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Extracting Survivors’ Stairway for a Home at the 9/11 Museum

Extracting Survivors’ Stairway for a Home at the 9/11 Museum

Jan 17, 2008
By By: David W. Dunlap | The New York Times | The New York Times

With the new World Trade Center rising clamorously around it, the last standing vestige of the old World Trade Center is about to be uprooted.

In the last week, workers have cut openings into a concrete superstructure supporting 38 steps that once led from Vesey Street up to the north end of the sprawling Austin J. Tobin Plaza. Because hundreds of evacuees made their way down this route on Sept. 11, 2001, it is called the “survivors’ stairway.”

Whether the stairway itself would survive was a question for the Pataki administration to ponder. It proposed to salvage individual steps but not the entire run of stairs, which stands where Tower 2 is to rise. Preservationists and survivors of the attack were dismayed by the plan.

So was the Spitzer administration. In August, Avi Schick, the chairman of the Lower Manhattan Development Corporation, proposed to extract the staircase whole from the surrounding concrete bulkhead, then reinstall it in the National Sept. 11 Memorial and Museum at ground zero.

Preparations are under way to do just that.

By late February, the Port Authority of New York and New Jersey, which owns the site, expects to build a steel framework beneath the five-foot-wide staircase.

That will permit workers to isolate the stairs from the rest of the remaining Vesey Street structure, which includes a fragment of terrazzo paving from the Tobin Plaza, a sloping surface where two escalators once ran and an entrance to the Cortlandt Street station on the No. 1 subway line, which has been closed since 2001.

Besides the staircase, workers will salvage part of the plaza pavement. A plywood barrier and several columns from the subway station will be taken to Hangar 17 at Kennedy International Airport, where large-scale 9/11 artifacts are kept.

The rest of the structure will be demolished.

“You have to do it with an extraordinary amount of care,” said Stephen Sigmund, chief of public and government affairs at the Port Authority.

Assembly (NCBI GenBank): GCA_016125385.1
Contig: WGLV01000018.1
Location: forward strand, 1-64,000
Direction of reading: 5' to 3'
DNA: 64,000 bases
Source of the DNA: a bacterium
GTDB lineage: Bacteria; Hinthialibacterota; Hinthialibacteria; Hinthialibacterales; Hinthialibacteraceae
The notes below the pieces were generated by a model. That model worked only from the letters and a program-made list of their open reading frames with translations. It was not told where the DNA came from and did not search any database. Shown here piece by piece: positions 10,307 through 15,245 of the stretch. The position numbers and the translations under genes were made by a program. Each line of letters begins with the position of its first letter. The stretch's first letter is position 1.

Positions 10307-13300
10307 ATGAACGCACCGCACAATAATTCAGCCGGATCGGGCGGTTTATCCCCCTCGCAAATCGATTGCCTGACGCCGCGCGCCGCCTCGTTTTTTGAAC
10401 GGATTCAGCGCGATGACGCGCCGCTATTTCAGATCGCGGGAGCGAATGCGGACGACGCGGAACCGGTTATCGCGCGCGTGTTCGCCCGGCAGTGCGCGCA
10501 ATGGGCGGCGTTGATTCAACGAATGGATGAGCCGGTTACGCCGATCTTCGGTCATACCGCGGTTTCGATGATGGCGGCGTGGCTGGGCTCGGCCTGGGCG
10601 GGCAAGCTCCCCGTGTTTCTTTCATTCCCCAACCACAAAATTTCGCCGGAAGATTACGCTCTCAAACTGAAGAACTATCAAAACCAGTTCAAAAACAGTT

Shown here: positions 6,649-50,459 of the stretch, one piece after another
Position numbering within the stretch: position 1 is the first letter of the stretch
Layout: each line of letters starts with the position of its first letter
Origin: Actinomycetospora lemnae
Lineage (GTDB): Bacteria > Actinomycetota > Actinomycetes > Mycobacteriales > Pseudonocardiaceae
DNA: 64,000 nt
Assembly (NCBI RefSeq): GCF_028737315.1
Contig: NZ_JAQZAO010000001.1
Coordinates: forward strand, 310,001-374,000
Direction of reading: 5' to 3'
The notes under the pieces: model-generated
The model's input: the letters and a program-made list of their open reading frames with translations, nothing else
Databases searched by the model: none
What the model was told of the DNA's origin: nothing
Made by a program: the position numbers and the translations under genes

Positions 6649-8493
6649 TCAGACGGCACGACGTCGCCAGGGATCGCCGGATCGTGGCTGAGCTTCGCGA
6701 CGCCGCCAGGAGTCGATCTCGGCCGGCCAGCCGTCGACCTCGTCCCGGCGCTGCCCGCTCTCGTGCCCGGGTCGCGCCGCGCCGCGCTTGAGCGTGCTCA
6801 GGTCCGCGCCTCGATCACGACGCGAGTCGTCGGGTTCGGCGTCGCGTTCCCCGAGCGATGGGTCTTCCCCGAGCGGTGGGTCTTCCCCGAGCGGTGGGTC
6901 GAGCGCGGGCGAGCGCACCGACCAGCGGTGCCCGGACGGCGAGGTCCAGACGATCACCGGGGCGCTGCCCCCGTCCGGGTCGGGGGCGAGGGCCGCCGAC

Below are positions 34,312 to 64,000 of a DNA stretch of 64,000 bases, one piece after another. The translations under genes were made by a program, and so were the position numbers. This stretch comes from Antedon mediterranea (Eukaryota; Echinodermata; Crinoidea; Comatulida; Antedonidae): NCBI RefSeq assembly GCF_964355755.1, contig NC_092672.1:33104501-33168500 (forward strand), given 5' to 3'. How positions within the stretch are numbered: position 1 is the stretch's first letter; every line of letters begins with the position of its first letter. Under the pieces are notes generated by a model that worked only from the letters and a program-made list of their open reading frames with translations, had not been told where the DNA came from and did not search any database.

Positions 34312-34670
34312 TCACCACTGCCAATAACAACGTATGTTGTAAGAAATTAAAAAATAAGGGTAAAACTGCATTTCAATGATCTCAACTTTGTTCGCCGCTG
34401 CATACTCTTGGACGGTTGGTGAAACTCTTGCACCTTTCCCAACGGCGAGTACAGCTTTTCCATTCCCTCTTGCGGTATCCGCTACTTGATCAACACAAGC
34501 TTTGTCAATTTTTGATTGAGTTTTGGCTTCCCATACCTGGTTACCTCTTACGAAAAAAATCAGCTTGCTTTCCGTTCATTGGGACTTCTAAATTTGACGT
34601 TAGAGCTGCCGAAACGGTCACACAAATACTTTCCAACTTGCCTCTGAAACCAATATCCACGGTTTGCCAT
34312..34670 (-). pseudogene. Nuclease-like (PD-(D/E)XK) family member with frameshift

Once the staircase is atop its steel cradle, it will be jacked up and rolled to Vesey Street. It will stand opposite the small park outside 7 World Trade Center until it is lowered by crane to the museum’s principal floor, almost at bedrock.

The steel framework will continue supporting the staircase in its permanent location. Though visitors will not be able to walk down the staircase remnant, they will pass it on a new staircase or escalator.

“That ceremony of descent will be alongside the survivors’ stairway,” said Alice Greenwald, director of the memorial museum.

The removal and reinstallation will cost about $1 million.

One of the first to suggest this approach in 2006 – as a way of breaking the impasse between preserving the survivors’ stairway and proceeding with Tower 2 – was Robert Silman, an engineer working as a consultant to preservation groups like the New York Landmarks Conservancy and the Municipal Art Society.

“I’m confident they’ll get it right,” Mr. Silman said on Wednesday. “I think they’re very serious about doing a good job. I’ll say that now, because in the beginning, they were skeptical about doing the job at all. I have no quarrel with what’s being done.”

Mr. Schick saw a practical side to the project. “It sends the message that we can honor the memory of that day, hear the voice of those who experienced 9/11 and reconcile that with development goals and the need to move forward,” he said.

Ms. Greenwald found a more spiritual side to housing the staircase in the museum, saying, “It reinforces a fundamental curatorial message: We all live in a post-9/11 world and, in that sense, every one of us is a 9/11 survivor.”

 

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